Divine Perfection For The Flawed Human

Several years ago, I wrote a post for Quarterlette.com called “Opportunity will beat down your door.” It’s a cheery and inspirational post about my move to San Francisco, explaining opportunity doesn’t knock once, it will beat down your door. In other words, there are certain things the universe will keep throwing in your face over and over again.

Right now I’m experiencing the shadow side of opportunity beating down my door. For years, the message I’ve received over and over again is, “You need to rest.” My response was, “By rest, you mean do more, right? You mean I need to try harder?” This week it became clear to me it’s time to listen to the message the universe is telling me. I can’t keep operating my life at the pace I have been, and instead of doors opening for me, they’re closing, forcing me to rest. Not for punishment, not to be mean, but to become more perfect.

That may sound strange, particularly because our conception of perfection – at least in the U.S. – is without flaws, but that’s not what I’m referring to here. Did you know an early definition of perfect is, “Brought to consummation or completeness?” That’s coming from the1913 Webster’s Writers’ Dictionary, by the way. I love this concept for many reasons. The first is I’m a one on the Enneagram, so I’m all about finding holy perfection, but second, the definition relates to my post from last week about moving from the crude to the subtle.

In our move from the crude to the subtle, that means we are all becoming more perfect, not because we then exist without flaws, but because eventually we join with the subtle; we experience merger with the subtle and thus completeness. You probably already know this, but that’s exactly what the word “yoga” means – unification.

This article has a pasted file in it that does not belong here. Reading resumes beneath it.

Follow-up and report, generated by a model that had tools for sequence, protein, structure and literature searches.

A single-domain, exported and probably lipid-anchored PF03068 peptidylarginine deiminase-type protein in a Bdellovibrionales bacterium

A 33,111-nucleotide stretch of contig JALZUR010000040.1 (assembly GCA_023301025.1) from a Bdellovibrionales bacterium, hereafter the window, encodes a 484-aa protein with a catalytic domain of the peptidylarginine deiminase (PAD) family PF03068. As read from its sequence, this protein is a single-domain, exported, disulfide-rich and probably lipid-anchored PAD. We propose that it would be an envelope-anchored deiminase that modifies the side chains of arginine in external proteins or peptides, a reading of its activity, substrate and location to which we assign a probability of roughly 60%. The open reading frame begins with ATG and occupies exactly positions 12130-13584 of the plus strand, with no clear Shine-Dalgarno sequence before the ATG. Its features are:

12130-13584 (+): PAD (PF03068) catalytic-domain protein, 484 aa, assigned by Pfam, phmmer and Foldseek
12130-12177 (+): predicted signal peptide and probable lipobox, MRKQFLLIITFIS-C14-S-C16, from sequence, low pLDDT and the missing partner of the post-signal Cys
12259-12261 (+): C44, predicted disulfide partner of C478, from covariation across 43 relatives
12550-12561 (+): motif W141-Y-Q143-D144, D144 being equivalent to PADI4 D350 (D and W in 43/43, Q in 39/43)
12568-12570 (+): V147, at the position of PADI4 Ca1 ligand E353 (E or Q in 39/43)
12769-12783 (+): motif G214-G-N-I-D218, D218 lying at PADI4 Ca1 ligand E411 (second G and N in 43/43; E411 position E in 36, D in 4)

In Sanskrit, the word yoga has two root verbs. One root verb is “Yuj” and another root verb is “yunj.” “Yuj” means to add, as in two plus two equals four. The other root verb for yoga is “yunj,” and it means to unify. My spiritual teacher gives the example of sugar and water. When adding sugar to water, sugar won’t be in a separate form from water – there will only be sugar water, and that’s precisely the unification we’re all moving toward: supreme sweetness.

Why do I bring this up? For me, it’s easy to launch into compare and despair. It’s easy for me to look at someone else and say, “Why don’t I have what they have? Why doesn’t my life look like theirs?” Particularly right now when many areas of my life are not what I’d like them to be, I start thinking I’m cursed. Not really, but it’s easy for me to slip into a victim mentality. When I think about yoga, I’m reminded that all the things that happen to me, all the things I perceive to be good, and all the things I perceive to be bad, are bringing me closer to the supreme for the purpose of unification. That means the universe will keep sending me the same damn message over and over again because ultimately it’s for my benefit.

I dream of a world where we realize all the things that happen to us are in service of divine perfection. A world where we recognize we are moving from the crude to the subtle. A world where we understand we’re striving for unification in body, mind, and spirit. A world where we accept what the universe tells us.

Another world is not only possible, it’s probable.

 

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